Picture of boy being examining by doctor at a tuberculosis sanatorium

Understanding our future through Open Access research about our past...

Strathprints makes available scholarly Open Access content by researchers in the Centre for the Social History of Health & Healthcare (CSHHH), based within the School of Humanities, and considered Scotland's leading centre for the history of health and medicine.

Research at CSHHH explores the modern world since 1800 in locations as diverse as the UK, Asia, Africa, North America, and Europe. Areas of specialism include contraception and sexuality; family health and medical services; occupational health and medicine; disability; the history of psychiatry; conflict and warfare; and, drugs, pharmaceuticals and intoxicants.

Explore the Open Access research of the Centre for the Social History of Health and Healthcare. Or explore all of Strathclyde's Open Access research...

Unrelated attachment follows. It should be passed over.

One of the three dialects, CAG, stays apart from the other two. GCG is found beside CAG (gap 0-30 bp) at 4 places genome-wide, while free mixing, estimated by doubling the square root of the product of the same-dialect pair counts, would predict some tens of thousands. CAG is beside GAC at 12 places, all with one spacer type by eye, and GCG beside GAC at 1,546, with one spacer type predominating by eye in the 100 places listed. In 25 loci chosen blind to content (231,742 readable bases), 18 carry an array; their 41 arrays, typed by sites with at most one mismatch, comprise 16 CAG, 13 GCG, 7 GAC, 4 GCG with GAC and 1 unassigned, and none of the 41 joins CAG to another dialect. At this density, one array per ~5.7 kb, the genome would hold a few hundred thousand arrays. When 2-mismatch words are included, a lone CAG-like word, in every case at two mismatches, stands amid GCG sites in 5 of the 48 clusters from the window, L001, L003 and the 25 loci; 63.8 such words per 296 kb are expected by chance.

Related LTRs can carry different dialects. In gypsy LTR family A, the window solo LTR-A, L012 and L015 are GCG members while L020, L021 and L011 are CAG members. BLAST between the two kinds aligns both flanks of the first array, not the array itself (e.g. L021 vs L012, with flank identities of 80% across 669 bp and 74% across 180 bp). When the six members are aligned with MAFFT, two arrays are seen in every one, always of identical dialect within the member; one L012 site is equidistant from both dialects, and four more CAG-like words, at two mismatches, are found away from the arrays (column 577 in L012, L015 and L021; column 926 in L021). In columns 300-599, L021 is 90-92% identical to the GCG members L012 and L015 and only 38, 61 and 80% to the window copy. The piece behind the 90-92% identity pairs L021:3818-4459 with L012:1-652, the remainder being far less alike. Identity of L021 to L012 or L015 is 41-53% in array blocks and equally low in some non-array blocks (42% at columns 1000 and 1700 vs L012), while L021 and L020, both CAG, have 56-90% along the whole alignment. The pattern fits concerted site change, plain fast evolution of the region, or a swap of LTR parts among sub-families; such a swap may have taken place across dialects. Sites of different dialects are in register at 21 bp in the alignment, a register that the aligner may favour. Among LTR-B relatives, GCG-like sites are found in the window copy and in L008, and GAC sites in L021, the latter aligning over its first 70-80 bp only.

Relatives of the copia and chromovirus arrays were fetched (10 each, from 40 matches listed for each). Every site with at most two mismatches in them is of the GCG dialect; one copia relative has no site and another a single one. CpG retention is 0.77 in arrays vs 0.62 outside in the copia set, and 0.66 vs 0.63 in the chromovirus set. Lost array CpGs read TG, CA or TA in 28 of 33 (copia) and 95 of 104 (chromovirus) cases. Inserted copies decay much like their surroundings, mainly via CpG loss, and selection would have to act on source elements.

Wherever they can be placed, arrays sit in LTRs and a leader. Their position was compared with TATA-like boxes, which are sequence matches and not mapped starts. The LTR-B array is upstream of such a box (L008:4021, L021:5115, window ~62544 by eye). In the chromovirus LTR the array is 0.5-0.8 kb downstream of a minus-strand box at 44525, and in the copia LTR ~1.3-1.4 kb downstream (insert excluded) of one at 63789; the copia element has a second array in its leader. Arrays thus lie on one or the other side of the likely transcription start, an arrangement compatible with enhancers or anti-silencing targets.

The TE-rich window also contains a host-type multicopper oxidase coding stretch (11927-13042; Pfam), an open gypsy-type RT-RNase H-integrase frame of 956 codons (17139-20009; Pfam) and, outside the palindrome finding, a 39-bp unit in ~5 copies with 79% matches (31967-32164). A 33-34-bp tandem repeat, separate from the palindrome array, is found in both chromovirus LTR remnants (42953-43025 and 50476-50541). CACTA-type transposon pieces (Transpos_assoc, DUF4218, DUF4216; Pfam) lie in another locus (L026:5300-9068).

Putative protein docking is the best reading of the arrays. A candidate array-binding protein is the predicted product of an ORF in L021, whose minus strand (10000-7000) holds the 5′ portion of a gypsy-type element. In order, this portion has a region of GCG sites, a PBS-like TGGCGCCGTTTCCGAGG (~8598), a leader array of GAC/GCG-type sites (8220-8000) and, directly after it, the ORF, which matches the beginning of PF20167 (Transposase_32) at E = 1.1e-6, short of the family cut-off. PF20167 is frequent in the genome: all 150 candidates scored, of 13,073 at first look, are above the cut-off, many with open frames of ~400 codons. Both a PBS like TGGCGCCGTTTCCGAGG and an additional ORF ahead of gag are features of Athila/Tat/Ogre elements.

Image: Heart of England NHS Foundation Trust. Wellcome Collection - CC-BY.

Schooling bodies through physical education : insights from social epistemology and curriculum history

Kirk, D. (2001) Schooling bodies through physical education : insights from social epistemology and curriculum history. Studies in Philosophy and Education, 20 (6). pp. 475-487. ISSN 0039-3746

Full text not available in this repository. Request a copy from the Strathclyde author

Abstract

Using mainly historical material from Australia, the paper seeks to understand early forms of school physical training, sport and medical inspection as specialised means of schooling bodies. The study adopts a social epistemological perspective in seeking to understand the meaning-in-use of notions such as physical training. It explores the social consequences of the practices carried out in the name of physical training, particularly in relation to shifts in the social regulation of bodies over time from a mass, externalised, and centralised form to a relatively more individualised, internalised and diffuse form. This focus on the body is of key importance for a social epistemological study of physical education because it forces us to look closely at the practices constituting physical education. © 2001 Kluwer Academic Publishers.